5 Best Makeup Solutions for Bald Spots

  • Medically reviewed by: Debra Rose Wilson, PhD MSN RN IBCLC AHN-BC CHT
  • Written by: William Slator
  • Last updated: 09/01/2024

In this article, you will learn how to cover up a bald spot using ‘makeup’. You’ll learn the five most effective temporary and semi-permanent solutions to making your hair look thick and full.

And finally, you will learn some long-term solutions to the problem of hair loss and bald patches.


A study showed that those who looked at photos of people with full hair versus a bald condition rated the men with full hair more dynamic, masculine, and dominant (1).

A survey of men with hair loss showed that 62% agreed that it could affect self-esteem. Also, 43% said that losing hair caused concern about “losing an important part of personal attractiveness (2).”

In women, hair loss can be even more devastating. Especially in a culture like ours that is not as accepting of baldness in women as it is in men.

Dr. Shani Francis, a fellow of the American Academy of Dermatology and director of the Hair Disorders Center of Excellence at Northshore University Health System in Illinois, told Medical News Today that hair loss in women can lead to lower self-esteem and an altered self-image.

It can even lead to depression and less enjoyable socializing. All this means that, depending on how your baldness is affecting you, it may be imperative to cover up bald spots.

5 Best Makeup Solutions for Bald Spots

Inventive ways to cover bald spots abound; from concealers to sprays, some solutions help with every level of thinning hair.

Whether you are looking to cover some slight thinning or more extensive bald spots, below are some of the top cosmetic options to make your hair appear thicker.

1. Hair Loss Concealers

One of the most popular types of makeup for covering bald spots is hair loss concealers. These include popular brands like Toppik, Bosley, and CUVVA.

Mainly, these products are colored keratin proteins that are statically charged.

In most cases, you spray the product on and it intertwines with existing hair before you then pat it down. That makes the hair appear thicker.

Many of these products are also resistant to wind, sweat, and rain.

Because the product intertwines with hair, it is the best option for hair that is mild to moderately thinning.

2. Mineral Makeup

If you have a specific bald patch on your hair that is more on the mild side, this popular trick might be an easy option. It is an especially neat option for thinning hair where the hair part is getting wide and you can prominently see the scalp.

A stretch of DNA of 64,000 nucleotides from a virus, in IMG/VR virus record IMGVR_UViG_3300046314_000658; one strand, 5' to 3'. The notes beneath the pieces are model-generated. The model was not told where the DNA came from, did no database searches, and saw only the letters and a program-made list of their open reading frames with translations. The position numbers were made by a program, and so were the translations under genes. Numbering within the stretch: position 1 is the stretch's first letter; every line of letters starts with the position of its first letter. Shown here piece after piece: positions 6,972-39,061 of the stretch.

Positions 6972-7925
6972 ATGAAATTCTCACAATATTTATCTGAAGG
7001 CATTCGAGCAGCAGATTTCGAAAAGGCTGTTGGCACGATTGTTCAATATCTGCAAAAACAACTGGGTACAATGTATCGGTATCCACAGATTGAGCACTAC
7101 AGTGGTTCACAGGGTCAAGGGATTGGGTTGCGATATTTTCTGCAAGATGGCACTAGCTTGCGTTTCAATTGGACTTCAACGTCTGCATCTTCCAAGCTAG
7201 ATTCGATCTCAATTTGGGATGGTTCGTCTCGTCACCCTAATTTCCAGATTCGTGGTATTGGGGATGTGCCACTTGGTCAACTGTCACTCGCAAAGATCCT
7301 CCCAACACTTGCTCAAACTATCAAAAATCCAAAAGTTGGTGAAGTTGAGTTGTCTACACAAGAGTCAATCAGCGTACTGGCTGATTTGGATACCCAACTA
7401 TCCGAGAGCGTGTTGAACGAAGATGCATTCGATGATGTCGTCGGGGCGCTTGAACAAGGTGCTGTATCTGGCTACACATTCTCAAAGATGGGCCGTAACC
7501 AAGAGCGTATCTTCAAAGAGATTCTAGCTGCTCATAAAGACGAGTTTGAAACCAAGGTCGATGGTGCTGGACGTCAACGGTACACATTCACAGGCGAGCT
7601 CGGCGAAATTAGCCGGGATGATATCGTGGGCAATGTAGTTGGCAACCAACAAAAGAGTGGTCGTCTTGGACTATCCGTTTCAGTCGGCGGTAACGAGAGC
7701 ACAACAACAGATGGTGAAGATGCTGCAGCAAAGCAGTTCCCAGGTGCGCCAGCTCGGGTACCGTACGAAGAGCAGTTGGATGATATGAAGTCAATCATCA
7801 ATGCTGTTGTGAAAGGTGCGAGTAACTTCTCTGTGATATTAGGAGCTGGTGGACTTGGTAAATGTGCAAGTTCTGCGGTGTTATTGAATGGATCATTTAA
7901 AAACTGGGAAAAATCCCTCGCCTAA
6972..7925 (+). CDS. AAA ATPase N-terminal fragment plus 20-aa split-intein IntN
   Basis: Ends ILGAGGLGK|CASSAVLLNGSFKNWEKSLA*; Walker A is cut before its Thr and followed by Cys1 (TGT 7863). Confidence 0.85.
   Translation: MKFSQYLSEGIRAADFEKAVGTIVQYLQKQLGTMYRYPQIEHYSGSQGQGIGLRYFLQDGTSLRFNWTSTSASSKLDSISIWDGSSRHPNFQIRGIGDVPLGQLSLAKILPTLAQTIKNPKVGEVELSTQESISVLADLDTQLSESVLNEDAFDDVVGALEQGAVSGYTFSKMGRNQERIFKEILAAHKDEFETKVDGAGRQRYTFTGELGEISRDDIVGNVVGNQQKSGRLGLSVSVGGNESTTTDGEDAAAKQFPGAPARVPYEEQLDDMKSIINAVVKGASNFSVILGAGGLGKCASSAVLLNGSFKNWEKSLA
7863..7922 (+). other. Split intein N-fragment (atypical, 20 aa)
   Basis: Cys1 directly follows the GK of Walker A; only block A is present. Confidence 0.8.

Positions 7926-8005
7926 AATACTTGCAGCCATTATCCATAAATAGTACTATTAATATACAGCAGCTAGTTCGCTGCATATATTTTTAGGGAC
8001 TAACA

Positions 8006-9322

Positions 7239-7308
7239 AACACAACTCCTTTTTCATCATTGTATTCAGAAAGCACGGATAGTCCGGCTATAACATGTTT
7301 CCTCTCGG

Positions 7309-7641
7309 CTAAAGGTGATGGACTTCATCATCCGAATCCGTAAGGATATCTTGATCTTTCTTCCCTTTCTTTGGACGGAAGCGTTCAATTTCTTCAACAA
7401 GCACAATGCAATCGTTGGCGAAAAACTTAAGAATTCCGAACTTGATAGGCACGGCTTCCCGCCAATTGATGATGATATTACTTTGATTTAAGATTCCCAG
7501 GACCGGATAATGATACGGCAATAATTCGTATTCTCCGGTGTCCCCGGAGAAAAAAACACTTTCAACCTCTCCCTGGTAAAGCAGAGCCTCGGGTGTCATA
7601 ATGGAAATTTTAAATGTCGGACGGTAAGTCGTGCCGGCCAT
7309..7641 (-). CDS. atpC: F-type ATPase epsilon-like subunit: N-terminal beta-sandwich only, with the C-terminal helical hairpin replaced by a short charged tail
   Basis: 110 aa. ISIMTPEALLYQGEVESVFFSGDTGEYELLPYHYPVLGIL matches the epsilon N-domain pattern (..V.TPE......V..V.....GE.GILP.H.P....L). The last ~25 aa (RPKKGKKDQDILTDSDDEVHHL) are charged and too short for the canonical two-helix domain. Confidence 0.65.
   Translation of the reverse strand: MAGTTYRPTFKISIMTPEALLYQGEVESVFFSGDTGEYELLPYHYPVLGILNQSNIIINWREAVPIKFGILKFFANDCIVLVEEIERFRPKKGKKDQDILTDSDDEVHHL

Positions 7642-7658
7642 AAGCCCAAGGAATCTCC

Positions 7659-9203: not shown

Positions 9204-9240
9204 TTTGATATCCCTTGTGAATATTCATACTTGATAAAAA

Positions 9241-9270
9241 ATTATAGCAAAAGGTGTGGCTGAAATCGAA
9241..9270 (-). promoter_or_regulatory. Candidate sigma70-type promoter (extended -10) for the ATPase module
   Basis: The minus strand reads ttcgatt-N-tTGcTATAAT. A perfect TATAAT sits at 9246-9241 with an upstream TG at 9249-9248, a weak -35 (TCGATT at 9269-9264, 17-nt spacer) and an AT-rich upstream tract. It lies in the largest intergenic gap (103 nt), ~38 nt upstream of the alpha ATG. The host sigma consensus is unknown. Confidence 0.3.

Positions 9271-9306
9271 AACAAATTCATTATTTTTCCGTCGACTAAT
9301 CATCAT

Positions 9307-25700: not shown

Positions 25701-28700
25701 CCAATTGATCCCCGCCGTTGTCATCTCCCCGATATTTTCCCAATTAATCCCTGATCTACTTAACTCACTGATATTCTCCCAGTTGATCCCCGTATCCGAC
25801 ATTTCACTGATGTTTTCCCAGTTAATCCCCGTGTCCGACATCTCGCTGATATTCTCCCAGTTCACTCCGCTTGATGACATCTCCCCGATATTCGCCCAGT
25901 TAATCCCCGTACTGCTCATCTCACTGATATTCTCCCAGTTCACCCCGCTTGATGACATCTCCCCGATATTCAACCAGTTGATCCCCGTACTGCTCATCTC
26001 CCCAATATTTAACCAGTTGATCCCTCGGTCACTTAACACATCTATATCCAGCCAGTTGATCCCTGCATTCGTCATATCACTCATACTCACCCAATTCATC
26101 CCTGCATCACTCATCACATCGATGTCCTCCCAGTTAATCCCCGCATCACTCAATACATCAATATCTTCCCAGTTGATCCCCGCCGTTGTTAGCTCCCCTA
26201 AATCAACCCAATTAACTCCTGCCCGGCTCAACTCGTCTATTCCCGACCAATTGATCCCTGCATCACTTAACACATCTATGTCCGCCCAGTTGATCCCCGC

For this, you will need mineral face powder. The mineral powder is helpful because its inorganic nature makes it stick to the skin better, even while sweating.

You will also want a powder that will match your hair color. For instance, a dark brown powder to go with dark brown hair. If you cannot find the exact shade of your hair, go a bit darker.

Here is how to easily apply mineral makeup to cover bald spots:

  •      Apply using a puff or makeup sponge.
  •      Dab the powder directly onto the bald spot using the puff or sponge.
  •      Make sure to spread the makeup well into the surrounding hair itself to blend.

What you will notice as you dab is that the powder adheres to the scalp. It will darken that spot so it looks far less noticeable.

3. Eye Shadow

Very similar to mineral makeup, another popular trick to hide bald spots is to use a simple eye shadow.

This is a good trick for smaller bald patches up near the front of the hair that need some light filling in since eye shadow comes in smaller containers.

This is also a better way to get a color that matches your hair more closely since eye shadow comes in every color imaginable.

Here is how to use eye shadow to cover bald spots:

  •      Use a stiff, short-bristle makeup brush.
  •      Apply using the brush, lightly painting the eye shadow in streaks.
  •      Blend out the color with your finger.

It is one of the easiest options for covering bald spots with makeup.

4. Temporary Dye Sprays

If you are not into dumping makeup on your head, another easy cosmetic way to cover bald spots is what is essentially spray paint for your scalp.

These are usually sold as products that temporarily cover gray spots.

You can buy these in shades that match your hair color. This makes it a more customizable option than the mineral powder would be. These are also made to be long-lasting throughout the day.